Reading, Short And Deep #143
Eric S. Rabkin and Jesse Willis discuss Its Prayer by Duane W. Rimel
Here’s a link to a PDF of the poem.
Its Prayer was first published in The Phantagraph, November-December 1935.
Posted by Scott D. Danielson
When you’ve got an old paperback book that’s coming apart at the spine, with pages falling out all over the place it’s time to consider making it immortal. In order to do that, in a reasonable period of time, you must kill the book. That’s the hardest part of the process. The actual transformation is pretty easy.
To do it I use a Fujitsu ScanSnap S1500 which came with Adobe Acrobat Standard 9. Here are three videos I put together that show the process of turning a paperback into an ebook:
And here’s a PDF |SAMPLE| of the result.
John writes in to say:
I read your recent post about digitizing print books with interest. I wondered if you might be able to expand on your process a bit, as it seemed to me like a few steps were missing from your video.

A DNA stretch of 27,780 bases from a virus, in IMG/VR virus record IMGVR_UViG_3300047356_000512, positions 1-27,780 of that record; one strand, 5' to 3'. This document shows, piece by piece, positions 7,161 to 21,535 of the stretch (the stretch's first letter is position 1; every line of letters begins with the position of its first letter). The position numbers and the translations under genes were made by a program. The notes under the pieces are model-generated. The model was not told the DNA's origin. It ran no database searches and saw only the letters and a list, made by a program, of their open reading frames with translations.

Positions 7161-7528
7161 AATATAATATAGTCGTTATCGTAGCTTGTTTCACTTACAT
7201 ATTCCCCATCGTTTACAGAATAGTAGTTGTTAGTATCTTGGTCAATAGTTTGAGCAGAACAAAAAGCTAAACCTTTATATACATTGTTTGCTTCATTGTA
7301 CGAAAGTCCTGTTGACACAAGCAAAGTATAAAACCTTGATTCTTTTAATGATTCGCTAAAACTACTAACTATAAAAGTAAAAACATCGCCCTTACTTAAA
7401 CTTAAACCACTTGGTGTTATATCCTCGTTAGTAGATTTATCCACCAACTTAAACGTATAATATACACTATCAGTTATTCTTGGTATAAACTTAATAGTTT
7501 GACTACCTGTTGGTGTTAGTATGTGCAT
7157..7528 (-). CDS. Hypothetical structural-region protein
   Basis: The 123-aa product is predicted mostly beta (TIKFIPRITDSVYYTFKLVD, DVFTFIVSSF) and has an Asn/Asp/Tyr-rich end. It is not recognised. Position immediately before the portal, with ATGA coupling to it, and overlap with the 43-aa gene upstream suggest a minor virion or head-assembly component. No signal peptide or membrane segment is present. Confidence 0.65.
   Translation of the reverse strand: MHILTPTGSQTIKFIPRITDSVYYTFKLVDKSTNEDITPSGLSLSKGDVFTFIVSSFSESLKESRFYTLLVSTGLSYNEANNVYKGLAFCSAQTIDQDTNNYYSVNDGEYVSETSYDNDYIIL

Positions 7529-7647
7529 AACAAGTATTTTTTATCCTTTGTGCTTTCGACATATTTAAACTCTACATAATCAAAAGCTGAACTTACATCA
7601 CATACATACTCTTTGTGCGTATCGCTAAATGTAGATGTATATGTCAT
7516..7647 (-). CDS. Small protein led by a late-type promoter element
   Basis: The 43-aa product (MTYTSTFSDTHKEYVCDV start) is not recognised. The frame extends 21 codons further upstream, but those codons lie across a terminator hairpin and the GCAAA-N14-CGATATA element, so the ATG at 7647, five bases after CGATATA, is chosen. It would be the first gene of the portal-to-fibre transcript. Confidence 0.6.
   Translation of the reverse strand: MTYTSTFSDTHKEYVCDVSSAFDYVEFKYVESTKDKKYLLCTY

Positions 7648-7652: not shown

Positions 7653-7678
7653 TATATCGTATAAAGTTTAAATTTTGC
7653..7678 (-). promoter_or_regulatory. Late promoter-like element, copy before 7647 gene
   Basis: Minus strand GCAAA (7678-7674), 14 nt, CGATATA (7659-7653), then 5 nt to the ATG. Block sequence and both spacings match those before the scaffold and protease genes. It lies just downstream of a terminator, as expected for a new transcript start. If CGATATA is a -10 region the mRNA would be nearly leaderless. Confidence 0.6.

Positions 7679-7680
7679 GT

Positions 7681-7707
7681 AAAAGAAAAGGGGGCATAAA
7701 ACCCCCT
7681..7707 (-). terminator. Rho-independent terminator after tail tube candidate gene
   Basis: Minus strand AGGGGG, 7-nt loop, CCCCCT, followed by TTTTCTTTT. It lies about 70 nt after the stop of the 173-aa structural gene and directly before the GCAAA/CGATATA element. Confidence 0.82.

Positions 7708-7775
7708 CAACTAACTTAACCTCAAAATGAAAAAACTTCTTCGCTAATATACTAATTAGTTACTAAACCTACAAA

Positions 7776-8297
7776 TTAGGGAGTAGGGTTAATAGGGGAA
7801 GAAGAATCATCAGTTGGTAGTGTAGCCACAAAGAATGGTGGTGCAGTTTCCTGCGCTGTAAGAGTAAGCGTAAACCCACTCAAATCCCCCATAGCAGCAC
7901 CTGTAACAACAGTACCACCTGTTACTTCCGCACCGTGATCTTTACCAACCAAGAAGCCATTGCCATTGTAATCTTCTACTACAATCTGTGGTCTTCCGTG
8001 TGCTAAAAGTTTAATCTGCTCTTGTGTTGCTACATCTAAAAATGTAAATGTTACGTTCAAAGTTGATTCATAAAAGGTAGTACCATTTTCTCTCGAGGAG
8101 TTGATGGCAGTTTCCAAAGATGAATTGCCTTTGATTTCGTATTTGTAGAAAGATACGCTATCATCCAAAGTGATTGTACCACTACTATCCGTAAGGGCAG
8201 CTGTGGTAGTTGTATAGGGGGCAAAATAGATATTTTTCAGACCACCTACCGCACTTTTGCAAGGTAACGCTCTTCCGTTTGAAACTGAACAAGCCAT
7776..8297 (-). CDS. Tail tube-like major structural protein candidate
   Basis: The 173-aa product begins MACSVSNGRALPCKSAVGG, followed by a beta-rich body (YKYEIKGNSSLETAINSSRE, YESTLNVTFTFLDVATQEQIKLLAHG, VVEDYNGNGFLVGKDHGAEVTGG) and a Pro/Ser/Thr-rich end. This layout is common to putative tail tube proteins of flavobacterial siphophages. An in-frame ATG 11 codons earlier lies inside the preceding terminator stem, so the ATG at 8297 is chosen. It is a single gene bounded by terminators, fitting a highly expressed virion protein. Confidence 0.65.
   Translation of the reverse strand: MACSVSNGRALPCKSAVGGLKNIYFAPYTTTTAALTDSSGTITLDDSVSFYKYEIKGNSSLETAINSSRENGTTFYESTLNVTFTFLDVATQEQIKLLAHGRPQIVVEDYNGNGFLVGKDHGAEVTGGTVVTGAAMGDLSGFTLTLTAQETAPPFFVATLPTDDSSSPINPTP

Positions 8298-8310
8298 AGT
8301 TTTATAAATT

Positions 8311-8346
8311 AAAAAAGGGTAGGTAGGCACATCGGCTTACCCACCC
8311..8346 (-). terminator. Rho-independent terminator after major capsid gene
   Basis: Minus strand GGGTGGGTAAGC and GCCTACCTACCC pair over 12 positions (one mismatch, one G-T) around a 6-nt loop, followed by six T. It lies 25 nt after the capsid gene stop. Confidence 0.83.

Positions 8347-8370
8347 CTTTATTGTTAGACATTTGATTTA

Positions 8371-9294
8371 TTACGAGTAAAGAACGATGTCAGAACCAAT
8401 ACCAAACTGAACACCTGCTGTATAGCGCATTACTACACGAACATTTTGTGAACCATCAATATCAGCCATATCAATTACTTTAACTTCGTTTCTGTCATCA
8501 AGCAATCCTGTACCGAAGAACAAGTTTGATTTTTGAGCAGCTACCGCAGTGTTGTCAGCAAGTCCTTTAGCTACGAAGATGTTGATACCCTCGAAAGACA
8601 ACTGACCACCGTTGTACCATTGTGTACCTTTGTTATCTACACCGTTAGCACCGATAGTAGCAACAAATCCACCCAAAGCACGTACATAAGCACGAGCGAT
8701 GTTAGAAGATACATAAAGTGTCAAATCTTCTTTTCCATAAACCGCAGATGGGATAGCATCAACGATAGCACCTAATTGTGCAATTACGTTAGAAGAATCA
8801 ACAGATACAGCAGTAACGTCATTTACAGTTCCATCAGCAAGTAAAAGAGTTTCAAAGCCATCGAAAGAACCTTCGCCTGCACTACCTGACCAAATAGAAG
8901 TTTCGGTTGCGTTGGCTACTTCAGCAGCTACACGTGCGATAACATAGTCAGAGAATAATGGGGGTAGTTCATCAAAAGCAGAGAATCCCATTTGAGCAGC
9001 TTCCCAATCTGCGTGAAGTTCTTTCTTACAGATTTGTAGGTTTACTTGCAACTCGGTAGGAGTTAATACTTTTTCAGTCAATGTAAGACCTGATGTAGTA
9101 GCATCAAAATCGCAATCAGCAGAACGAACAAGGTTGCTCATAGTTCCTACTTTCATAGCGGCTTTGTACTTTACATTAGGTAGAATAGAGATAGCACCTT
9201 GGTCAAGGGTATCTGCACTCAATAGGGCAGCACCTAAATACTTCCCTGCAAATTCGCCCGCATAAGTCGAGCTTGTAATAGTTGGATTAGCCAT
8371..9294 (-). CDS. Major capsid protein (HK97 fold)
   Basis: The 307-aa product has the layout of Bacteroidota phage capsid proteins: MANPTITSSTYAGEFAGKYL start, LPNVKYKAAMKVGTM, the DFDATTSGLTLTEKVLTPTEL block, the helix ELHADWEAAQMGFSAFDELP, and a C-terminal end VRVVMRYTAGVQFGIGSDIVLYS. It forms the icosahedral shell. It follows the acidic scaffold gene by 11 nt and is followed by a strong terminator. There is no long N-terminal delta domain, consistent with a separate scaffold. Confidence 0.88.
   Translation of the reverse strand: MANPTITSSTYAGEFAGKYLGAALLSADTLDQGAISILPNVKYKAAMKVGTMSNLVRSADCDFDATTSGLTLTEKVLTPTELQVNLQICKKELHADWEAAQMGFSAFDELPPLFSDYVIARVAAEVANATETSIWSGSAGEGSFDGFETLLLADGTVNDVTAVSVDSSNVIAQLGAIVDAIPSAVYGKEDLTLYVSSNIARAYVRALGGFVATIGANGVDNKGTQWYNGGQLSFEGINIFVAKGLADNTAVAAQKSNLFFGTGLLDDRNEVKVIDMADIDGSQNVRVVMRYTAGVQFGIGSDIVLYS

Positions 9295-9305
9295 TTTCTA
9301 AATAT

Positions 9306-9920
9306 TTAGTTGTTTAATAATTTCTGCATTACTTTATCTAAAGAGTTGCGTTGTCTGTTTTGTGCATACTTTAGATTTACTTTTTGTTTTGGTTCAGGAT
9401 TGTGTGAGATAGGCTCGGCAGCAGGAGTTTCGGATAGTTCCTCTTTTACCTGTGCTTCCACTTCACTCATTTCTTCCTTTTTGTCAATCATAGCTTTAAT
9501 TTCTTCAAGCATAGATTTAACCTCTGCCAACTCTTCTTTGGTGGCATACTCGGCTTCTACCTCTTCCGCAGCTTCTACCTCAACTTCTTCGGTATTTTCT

Indeed, here are my answers to some specific questions:
How do you actually sever all the pages from the book?
Most of the time this can be done just with your hands, at least with paperbacks and old magazines. The only tools I’ve ever needed to use are flathead screwdriver, to pry up staples found in some mags from the 1960s and 1970s, and scissors which I’ve used to trim out glued edges. If you’re doing a hardcover with sewn binding you’d probably be able to do it with just an X-Acto knife.
When you run the pages through the scanner, does it scan both sides of the page simultaneously? Or do you have to scan them all twice?
The Fujitsu ScanSnap is not only superfast, it’s also supersmart, it scans both sides at the same time (technically the term is “duplex”).
If so, how do you collate them so the pages are all in the right order?
The bundled software, called ScanSnap Manager, allows you to customize the named output files. I usually have them just come out as 001, 002, 003, etc..
How long does it take you to digitize a single book?
Lets see I’ve just scanned the February 1976 issue of Fantasy & Science Fiction which has 128 pages (64 leaves). In the scanning itself I set a stopwatch. It took 1 minute 30 seconds to scan the entire mag. The software took another 45 seconds of processing. And I spent about 30 seconds correcting orientation on a few pages. So under three minutes for 128 pages
Have you tried this on hardcovers as well, or just paperbacks?
I don’t think I’ve done more than a couple of hardcovers, they were really easy though as they were essentially unbound already.
Posted by Jesse Willis